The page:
November 23, 2004
I continue to be curious about — and eager to see data concerning — how many federal sentencings have been delayed awaiting a decision in Booker and Fanfan. More anecdotal evidence suggesting many postponements can be found today in stories from Tennessee and Texas involving delayed judicial proceedings for two white-collar offenders pending the ruling in Booker and Fanfan. (A noteworthy previous example can be found here.)
At the US Sentencing Commission hearing last week, I was given the impression that a very large number of the roughly 30,000 federal sentences that should have been handed down since Blakely have been postponed. But I still have no sense of whether this means 1/4 or 1/2 or even 3/4 of all sentencings have been put on hold (and thus, as noted here, I will be thrilled when the USSC is able to make public the preliminary data it has collected concerning the post-Blakely state of federal sentencing).
Whatever the exact number, it seems clear that, after Booker and Fanfan are decided, the lower federal courts will have a huge backlog of postponed cases to process. It will be interesting to watch if the Blakely backup has broad ripple effects next year on the administration of justice in the federal courts.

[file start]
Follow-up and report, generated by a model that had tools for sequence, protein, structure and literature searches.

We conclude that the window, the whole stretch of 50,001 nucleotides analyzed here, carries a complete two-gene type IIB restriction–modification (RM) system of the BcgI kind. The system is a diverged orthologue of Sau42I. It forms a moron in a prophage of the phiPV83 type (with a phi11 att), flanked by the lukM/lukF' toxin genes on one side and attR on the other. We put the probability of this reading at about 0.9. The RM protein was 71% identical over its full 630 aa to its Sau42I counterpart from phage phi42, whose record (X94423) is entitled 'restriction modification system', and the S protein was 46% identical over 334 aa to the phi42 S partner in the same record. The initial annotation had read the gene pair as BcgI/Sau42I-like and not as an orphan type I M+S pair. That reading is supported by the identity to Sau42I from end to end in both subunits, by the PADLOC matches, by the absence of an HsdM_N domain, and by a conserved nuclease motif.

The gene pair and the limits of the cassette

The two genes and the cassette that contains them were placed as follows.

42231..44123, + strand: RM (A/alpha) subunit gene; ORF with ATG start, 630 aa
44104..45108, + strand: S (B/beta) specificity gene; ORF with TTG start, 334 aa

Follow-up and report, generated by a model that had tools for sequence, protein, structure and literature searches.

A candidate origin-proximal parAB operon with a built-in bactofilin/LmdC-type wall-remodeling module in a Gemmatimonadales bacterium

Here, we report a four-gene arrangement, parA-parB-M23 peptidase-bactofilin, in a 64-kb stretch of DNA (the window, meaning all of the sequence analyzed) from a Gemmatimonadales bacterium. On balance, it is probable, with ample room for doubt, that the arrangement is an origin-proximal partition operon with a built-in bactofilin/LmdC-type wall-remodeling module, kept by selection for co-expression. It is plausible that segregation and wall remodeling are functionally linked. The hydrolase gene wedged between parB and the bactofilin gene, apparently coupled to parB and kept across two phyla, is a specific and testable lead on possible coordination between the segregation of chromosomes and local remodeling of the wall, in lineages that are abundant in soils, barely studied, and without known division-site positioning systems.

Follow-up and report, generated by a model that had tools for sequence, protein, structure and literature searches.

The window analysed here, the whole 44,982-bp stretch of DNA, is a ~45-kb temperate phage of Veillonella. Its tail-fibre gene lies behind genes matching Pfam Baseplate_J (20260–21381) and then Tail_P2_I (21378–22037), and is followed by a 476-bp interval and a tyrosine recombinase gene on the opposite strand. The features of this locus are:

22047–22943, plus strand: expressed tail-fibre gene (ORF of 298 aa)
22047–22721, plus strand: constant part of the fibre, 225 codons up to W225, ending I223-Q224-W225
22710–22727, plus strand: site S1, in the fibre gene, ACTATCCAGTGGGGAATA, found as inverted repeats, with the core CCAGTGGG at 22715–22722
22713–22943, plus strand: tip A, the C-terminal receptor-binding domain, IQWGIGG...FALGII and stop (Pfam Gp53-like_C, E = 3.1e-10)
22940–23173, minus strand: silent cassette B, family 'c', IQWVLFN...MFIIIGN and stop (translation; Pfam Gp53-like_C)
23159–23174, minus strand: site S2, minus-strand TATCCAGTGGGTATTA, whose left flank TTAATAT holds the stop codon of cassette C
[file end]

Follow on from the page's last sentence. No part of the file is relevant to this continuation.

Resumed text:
November 23, 2004 at 07:40 AM | Permalink
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I wonder if the data will show the _true_ number of sentencings delayed because of Blakely. A dictate continuing the sentencing hearing from the sentencing judge is but one way such a continuance could come to fruition. For example, the AUSA and the defense attorney could agree that it would be in both of their best interests to delay the prosecution of a case to wait for the Booker & Fanfan outcomes, thus they might agree to a continuance of the pretrial conference. The defendant would file a waiver of speedy trial and the case would be continued, but yet the continuance may or may not reflect that the real reason it's being done is because of Blakely. Similarly, I wonder if AUSAs have held back indicting criminals who would most likely be affected by Booker -- drug conspiracies and fraud cases especially. If they wait for SCOTUS guidance, then they wouldn't have to worry about what factors have to be in the indictment, what level of proof to give to relevant conduct, etc. In my experience, these types of extrajudicial delay tactics seem more prevelant than asking a judge to delay a sentencing hearing on Blakely grounds after the defendant has pled guilty and a PSR has been prepared.
Posted by: District Clerk Battling Blakely | Nov 23, 2004 10:27:19 AM